Egyptologists have long noted that the surfaces of many ancient Egyptian objects made of gold bear a distinctive coloration that ranges from a pale reddish hue to a dark purple. This effect is observed on solid cast figures as well as on hammered sheet metal and gold leaf, such that its origin would seem to be independent of the technology used for fabrication. A typical example is the gilded face mask on the mummy of Ukhhotpe (12.182.132). While the effect has been recognized for more than a century, its cause remained a subject of speculation until recently. Over the years, numerous hypotheses have been advanced to explain the phenomenon, including tarnishing of a debased gold alloy, remanent colloidal gold following selective corrosion and removal of alloying elements such as silver and copper, deposition of organic films, and adventitious or deliberate addition of iron-bearing minerals such as hematite or pyrite to the gold alloy. Notably, Alfred Lucas, one of the foremost early researchers in the study of ancient Egyptian technology, correctly surmised that the vast majority of such colorations resulted from fortuitous tarnishing of silver-bearing gold and also recognized correctly that a smaller group of objects bearing a distinctly different red coloration represented another phenomenon altogether.
The idea that this coloration derives from a corrosion process and not a deliberate patination is prompted partly by the fact that nearly all native gold occurs as an alloy of gold and silver known as electrum, and partly by occurrences of the coloration in what are sometimes observed to be seemingly irregular distributions on the surfaces of objects. The most notable examples of this kind are the gold-leaf decorations on the wood sarcophagus enclosures from the tomb of Tutankhamun, where areas of bright gold leaf are seen juxtaposed against areas of a dark purple coloration along irregular borders that would seem to have no relationship to an intended design.
Early attempts to analyze the red colorations often were confounded by the extremely small thicknesses of the layers, such that samples obtained by scraping–no matter how judiciously performed–were usually overwhelmed by contamination from the substrate alloy. However, analysis in situ by x-ray diffractometry and x-ray fluorescence spectrometry has provided a rapid and straightforward way of characterizing the films and has shown them typically to be composed of one or more silver-gold sulfides. The species responsible for the predominant reddish purple coloration is most often indicated to be AgAuS, a compound sometimes found in nature as the mineral petrovskaite. In addition, synthetic gold-silver alloys having a silver content between approximately 8 and 11 weight percent silver have been observed to develop red-purple tarnish films identical in appearance and composition to those found on ancient Egyptian silver-gold objects when exposed to sulfide ion for extended periods at elevated temperatures. With increasing silver content and prolonged exposure to sulfide ion, both historical gold-silver objects and modern synthetic gold-silver surfaces develop black tarnishes that include another phase, Ag3AuS2, which also occurs in nature as the mineral uytenbogaardtite. Taken together, the evidence suggests that the red colorations derive largely–as Lucas first conjectured–from fortuitous tarnishing of native electrum having silver-gold compositions appropriate for the formation of the AgAuS phase.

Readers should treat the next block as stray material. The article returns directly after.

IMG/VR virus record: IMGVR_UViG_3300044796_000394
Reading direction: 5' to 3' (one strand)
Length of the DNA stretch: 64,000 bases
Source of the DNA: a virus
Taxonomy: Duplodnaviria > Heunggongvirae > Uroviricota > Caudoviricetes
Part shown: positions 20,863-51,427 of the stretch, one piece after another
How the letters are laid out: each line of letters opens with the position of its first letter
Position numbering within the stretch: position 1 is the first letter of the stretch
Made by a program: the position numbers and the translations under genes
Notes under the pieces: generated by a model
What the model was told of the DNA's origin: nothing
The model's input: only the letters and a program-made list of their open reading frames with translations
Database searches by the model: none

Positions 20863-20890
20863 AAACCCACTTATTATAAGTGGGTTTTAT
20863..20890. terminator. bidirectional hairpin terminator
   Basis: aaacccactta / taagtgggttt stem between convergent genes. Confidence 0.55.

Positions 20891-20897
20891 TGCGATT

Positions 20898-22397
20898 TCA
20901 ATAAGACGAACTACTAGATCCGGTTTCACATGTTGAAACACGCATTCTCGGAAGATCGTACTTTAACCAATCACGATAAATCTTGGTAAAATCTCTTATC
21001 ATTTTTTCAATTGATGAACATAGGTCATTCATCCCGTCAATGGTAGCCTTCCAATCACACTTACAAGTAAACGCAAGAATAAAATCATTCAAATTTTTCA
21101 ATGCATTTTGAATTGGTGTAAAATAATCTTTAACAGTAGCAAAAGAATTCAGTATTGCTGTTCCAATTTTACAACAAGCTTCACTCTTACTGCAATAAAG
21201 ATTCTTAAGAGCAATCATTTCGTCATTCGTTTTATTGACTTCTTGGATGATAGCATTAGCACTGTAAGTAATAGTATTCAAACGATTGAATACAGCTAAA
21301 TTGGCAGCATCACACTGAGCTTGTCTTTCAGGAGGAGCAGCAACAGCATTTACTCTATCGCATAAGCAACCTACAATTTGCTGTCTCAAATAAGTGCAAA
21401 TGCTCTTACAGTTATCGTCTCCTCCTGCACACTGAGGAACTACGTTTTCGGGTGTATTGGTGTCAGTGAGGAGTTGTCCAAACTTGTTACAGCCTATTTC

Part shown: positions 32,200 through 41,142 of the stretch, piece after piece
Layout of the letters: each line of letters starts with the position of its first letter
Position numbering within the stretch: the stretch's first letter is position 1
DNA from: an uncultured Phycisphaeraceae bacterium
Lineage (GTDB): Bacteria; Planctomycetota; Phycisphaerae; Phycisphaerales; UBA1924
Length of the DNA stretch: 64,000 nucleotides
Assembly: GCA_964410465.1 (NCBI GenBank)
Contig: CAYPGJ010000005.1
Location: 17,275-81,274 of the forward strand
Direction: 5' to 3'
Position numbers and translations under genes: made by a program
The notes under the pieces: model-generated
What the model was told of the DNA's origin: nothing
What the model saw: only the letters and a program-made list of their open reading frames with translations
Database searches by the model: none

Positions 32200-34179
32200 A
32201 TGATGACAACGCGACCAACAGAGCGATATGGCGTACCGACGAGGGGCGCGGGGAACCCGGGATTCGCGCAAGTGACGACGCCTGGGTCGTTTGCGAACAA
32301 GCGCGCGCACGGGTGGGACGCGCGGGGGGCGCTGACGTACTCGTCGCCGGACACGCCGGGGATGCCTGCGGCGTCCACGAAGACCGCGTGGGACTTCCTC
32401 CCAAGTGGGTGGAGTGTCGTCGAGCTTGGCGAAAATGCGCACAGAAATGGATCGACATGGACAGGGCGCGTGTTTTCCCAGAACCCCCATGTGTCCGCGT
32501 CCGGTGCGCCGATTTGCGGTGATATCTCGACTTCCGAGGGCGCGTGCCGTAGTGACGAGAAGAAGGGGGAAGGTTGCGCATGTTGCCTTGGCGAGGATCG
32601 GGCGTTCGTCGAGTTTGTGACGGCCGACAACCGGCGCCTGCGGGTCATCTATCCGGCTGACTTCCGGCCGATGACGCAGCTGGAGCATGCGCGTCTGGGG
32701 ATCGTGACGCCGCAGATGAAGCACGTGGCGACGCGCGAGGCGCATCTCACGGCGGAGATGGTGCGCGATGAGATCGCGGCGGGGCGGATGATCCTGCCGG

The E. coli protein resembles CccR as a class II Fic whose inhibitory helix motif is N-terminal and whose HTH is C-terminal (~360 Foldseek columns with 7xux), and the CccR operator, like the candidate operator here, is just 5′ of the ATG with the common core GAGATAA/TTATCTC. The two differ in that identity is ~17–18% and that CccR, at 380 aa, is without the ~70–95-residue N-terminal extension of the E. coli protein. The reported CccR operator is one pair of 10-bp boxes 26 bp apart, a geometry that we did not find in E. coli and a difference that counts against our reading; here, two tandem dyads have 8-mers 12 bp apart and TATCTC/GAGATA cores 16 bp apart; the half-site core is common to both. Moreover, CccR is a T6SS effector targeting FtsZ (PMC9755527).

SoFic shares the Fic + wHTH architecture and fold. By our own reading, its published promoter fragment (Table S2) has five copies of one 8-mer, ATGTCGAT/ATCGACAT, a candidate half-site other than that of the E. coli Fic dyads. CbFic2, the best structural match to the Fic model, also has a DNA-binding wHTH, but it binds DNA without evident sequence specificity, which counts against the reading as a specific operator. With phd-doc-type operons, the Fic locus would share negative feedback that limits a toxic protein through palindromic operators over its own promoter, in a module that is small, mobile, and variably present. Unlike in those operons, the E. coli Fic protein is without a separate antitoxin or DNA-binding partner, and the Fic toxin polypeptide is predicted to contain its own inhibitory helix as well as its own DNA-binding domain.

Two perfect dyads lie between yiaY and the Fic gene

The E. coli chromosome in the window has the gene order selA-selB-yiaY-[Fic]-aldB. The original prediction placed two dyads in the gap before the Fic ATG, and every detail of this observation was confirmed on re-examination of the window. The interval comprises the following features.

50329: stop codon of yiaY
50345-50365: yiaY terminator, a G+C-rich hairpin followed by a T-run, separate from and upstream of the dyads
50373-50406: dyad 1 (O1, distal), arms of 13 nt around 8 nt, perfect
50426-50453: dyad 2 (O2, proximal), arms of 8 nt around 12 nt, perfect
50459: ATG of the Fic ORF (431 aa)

Red sulfide tarnishes have been identified on historical gold-silver objects from other cultural contexts, including goldwork from the Royal Cemetery at Ur (33.35.3) and nineteenth-century European jewelry. That these tarnishes occur predominantly on ancient Egyptian objects likely reflects the high sulfide ion activity associated with the typical contexts of sealed burial chambers as well as the unparted gold-silver alloys used in antiquity.
As a footnote to the discussion, it should be added that not all red-purple colorations on historical gold objects belong to the sulfide-tarnish group described here. Indeed, as Lucas also observed, a small number of gold pieces from the tomb of Tutankhamun bear a bright, translucent red coloration on their surfaces distinctly different in appearance from the darker and more opaque examples. The origin of the color on these unusual objects has not been determined, but may well reside in the deliberate or accidental addition of iron-bearing compounds to the gold, as synthetic samples of such composition have yielded similar appearing surfaces. There also occur archaeological gold objects that bear reddish accretions of hydrated iron oxides, such as lepidocrocite, presumably deposited as residues from groundwater during burial, as well as the gold masks and other objects from Pre-Columbian South America that exhibit deliberately applied coatings of the red mercuric sulfide mineral cinnabar (1974.271.35). Finally, we should mention that the addition of copper to gold in several types of Egyptian objects during the reign of Akhenaten appears to have been done for its rutilizing effect, and that during the Third Intermediate Period copper-rich gold inlays were used with precious-metal inlays of other compositions and hues for the embellishment of large figural bronzes.
Frantz, Tony, and Deborah Schorsch. “Egyptian Red Gold.” In Heilbrunn Timeline of Art History. New York: The Metropolitan Museum of Art, 2000–. http://www.metmuseum.org/toah/hd/rgod/hd_rgod.htm (March 2007)
Frantz, James H., and Deborah Schorsch "Egyptian Red Gold." Archeomaterials 4 (1990), pp. 133–52.
Lucas, Alfred "The Chemistry of the Tomb." In Howard Carter, The Tomb of Tut-ankh-Amen, vol. 2, pp. 162–68.. London: Cassell, 1927.
Schorsch, Deborah "Precious-metal Polychromy in Egypt in the Time of Tutankhamun." Journal of Egyptian Archaeology 87 (2001), pp. 55–71.